While many are focusing on atmospheric solutions to reduce greenhouse gases, some researchers are setting their sights on the ground -- deep underground. Li Li, an assistant professor of energy and mineral engineering at Penn State, is investigating geologic carbon sequestration (storing carbon dioxide deep beneath the surface of the Earth) as a way to reduce the amount of carbon dioxide in the atmosphere.
The process, which at this point is in early stages of development with a few pilot tests, would involve the collection of carbon dioxide from stationary sources such as power plants, the compression of carbon dioxide into a supercritical fluid form with a density similar to a liquid, and the injection of the supercritical liquid into various formations deep below the Earth's surface (at about one kilometer or deeper). Because of the high pressure underground, the injected fluid will maintain its supercritical form and could be stored underground for long periods of time in deep saline aquifers (which cannot be used as a source for drinking water), coal seams and depleted oil and gas reservoirs.
Li's research, with partial funding from the Department of Energy's National Energy and Technology Lab (NETL), is focused on the possibility for and potential impact of the leakage of carbon dioxide from underground sequestration sites. For example, her group is studying the effect of carbon dioxide and brine on wellbore cement integrity, and also is studying the potential impact of carbon dioxide leakage on the quality of drinking water.
The primary leakage pathways for CO2 are fractures in rock formations, and abandoned oil and gas wells. If CO2 does leak from fracture and reaches sediments and freshwater, dissolved CO2 can lead to an increase in acidity (decrease in pH), which can in turn result in other reactions, including heavy metal mobilization from sediments, increase in alkalinity, and accelerated mineral dissolution and precipitation. All these reactions can potentially change aqueous geochemistry and water quality. Figure courtesy of Li Li (from “Evaluation of Potential Changes in Groundwater Quality in Response to CO2 Leakage from Deep Geological Storage,” by J.A. Apps et al, Transp Porous Med (2010) 82:215–246).
In paper recently published in the journal Environmental Science & Technology, her graduate student Evan Frye and co-authors have shown that the leakage of carbon dioxide into aquifers can cause heavy metals to mobilize. The extent of the mobilization depends on several factors, including the velocity and amount of carbon dioxide leaking from underground storage areas, and the properties of the aquifer into which the gas is leaking.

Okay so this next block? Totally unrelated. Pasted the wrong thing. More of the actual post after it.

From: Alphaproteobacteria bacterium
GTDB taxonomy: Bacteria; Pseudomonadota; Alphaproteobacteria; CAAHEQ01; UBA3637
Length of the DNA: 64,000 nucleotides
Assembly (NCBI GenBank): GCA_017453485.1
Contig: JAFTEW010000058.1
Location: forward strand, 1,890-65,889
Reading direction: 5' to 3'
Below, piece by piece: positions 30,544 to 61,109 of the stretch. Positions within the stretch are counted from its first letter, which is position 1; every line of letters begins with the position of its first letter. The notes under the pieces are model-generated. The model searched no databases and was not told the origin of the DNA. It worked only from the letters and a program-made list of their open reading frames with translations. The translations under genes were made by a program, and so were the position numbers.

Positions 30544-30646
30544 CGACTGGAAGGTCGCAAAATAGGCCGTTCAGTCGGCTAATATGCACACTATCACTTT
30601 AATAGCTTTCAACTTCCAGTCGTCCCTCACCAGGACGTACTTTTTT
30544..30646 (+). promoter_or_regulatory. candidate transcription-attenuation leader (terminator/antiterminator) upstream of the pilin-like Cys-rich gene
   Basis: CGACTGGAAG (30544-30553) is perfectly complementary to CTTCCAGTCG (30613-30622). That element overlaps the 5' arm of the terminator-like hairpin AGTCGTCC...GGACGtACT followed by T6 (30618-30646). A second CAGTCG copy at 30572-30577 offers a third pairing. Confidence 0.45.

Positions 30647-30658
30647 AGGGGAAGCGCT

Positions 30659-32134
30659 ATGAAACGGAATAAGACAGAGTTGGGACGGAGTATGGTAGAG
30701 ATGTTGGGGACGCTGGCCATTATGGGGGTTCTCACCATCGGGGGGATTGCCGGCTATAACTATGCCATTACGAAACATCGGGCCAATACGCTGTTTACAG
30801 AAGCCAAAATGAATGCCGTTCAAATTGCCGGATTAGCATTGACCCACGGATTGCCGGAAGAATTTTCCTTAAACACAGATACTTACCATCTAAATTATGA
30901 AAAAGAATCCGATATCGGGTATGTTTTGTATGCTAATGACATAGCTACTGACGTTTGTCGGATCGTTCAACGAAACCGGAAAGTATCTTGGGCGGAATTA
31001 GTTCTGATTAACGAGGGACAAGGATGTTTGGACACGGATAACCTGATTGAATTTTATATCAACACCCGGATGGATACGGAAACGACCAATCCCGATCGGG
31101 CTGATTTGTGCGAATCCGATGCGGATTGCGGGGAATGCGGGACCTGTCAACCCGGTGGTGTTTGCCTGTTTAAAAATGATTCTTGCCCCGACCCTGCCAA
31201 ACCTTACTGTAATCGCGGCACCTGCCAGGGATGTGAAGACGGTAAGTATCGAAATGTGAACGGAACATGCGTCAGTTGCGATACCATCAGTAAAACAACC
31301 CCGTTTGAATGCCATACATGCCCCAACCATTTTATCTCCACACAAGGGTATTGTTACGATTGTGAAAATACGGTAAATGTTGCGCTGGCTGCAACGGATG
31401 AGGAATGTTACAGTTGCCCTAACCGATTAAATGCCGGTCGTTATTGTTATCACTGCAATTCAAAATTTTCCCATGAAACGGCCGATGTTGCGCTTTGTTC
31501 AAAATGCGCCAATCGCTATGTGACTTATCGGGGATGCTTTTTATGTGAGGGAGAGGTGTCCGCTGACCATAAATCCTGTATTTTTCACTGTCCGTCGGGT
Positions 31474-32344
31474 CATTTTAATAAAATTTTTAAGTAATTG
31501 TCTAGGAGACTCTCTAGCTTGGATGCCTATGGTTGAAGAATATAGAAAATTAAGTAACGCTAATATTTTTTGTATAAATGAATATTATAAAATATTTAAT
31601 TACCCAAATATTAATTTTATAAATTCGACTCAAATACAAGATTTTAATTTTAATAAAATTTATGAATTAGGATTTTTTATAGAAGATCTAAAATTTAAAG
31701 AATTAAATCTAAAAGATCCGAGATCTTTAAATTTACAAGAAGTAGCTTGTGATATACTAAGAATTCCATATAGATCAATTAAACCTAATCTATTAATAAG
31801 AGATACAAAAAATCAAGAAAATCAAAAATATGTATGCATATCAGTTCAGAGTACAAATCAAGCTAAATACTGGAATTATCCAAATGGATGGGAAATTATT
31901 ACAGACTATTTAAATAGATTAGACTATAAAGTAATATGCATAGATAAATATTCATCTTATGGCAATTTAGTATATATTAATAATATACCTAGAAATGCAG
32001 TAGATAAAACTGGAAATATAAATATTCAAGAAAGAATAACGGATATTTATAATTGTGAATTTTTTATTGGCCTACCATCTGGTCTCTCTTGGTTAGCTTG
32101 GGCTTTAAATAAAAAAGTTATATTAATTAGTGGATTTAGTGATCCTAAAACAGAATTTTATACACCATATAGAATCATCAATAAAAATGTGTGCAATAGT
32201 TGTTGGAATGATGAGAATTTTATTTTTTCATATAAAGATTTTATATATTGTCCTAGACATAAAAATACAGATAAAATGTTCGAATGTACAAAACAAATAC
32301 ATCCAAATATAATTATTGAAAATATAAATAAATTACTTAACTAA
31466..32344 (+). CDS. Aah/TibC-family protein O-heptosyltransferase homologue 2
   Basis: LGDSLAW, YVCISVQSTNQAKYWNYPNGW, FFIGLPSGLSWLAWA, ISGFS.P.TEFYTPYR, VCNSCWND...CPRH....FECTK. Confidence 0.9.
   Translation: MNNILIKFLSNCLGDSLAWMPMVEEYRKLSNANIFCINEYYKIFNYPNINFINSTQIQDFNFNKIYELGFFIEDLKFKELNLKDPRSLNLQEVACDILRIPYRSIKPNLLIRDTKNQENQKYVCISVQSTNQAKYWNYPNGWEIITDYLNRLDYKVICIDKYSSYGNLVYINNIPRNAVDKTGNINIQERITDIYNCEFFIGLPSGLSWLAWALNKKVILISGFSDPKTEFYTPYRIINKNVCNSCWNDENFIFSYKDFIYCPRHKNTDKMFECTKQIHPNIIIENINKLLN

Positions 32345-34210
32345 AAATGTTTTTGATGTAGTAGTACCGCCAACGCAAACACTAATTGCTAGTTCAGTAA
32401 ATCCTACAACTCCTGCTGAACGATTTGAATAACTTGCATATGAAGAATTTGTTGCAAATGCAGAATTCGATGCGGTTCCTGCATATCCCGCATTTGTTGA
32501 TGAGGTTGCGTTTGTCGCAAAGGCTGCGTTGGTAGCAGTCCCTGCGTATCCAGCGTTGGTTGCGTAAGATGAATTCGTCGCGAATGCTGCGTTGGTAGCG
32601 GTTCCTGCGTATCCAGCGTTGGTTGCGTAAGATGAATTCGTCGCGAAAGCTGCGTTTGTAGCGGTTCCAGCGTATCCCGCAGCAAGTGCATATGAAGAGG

NETL is working with researchers to pioneer the Carbon Sequestration Program, whose goal is the development of "a technology portfolio of safe, cost-effective, commercial-scale carbon dioxide capture, storage and mitigation technologies that will be available for commercial deployment beginning in 2020." The goal of Li's research is to quantify the risks associated with carbon sequestration, understand the coupled processes in the complex subsurface, and determine the optimal injection conditions and sequestration sites.
Li said a primary challenge for researchers is that the scale of the work is so large, both in terms of time and space.
"Typically it is much easier for researchers to fully understand the scope of their work when the scale is small, in a laboratory where scales range from microns to meters and within time frames from seconds to years," she said. "However, geologic carbon sequestration involves areas of tens or hundreds of kilometers and time scales of hundreds or thousands of years. The issue of scaling is a big challenge as we work to quantify and predict the ultimate fate of carbon dioxide stored deep beneath the Earth's surface."
Also, it is prohibitively expensive to drill wells and take samples from the depths that would be involved in carbon sequestration, so research often relies heavily on mathematical models. Li uses a combination of numerical simulations and experimental work that aims to mimic relevant underground conditions. She and her team, composed of a few graduate students and post doctoral scholars, split their time between experimental work and numerical simulation to better understand the subsurface complexities associated with geologic carbon sequestration.
Li, who holds a doctoral degree in environmental engineering from Princeton University, is an assistant professor of energy and mineral engineering in the John and Willie Leone Family Department of Energy and Mineral Engineering in Penn State's College of Earth and Mineral Sciences. She can be reached by email at firstname.lastname@example.org.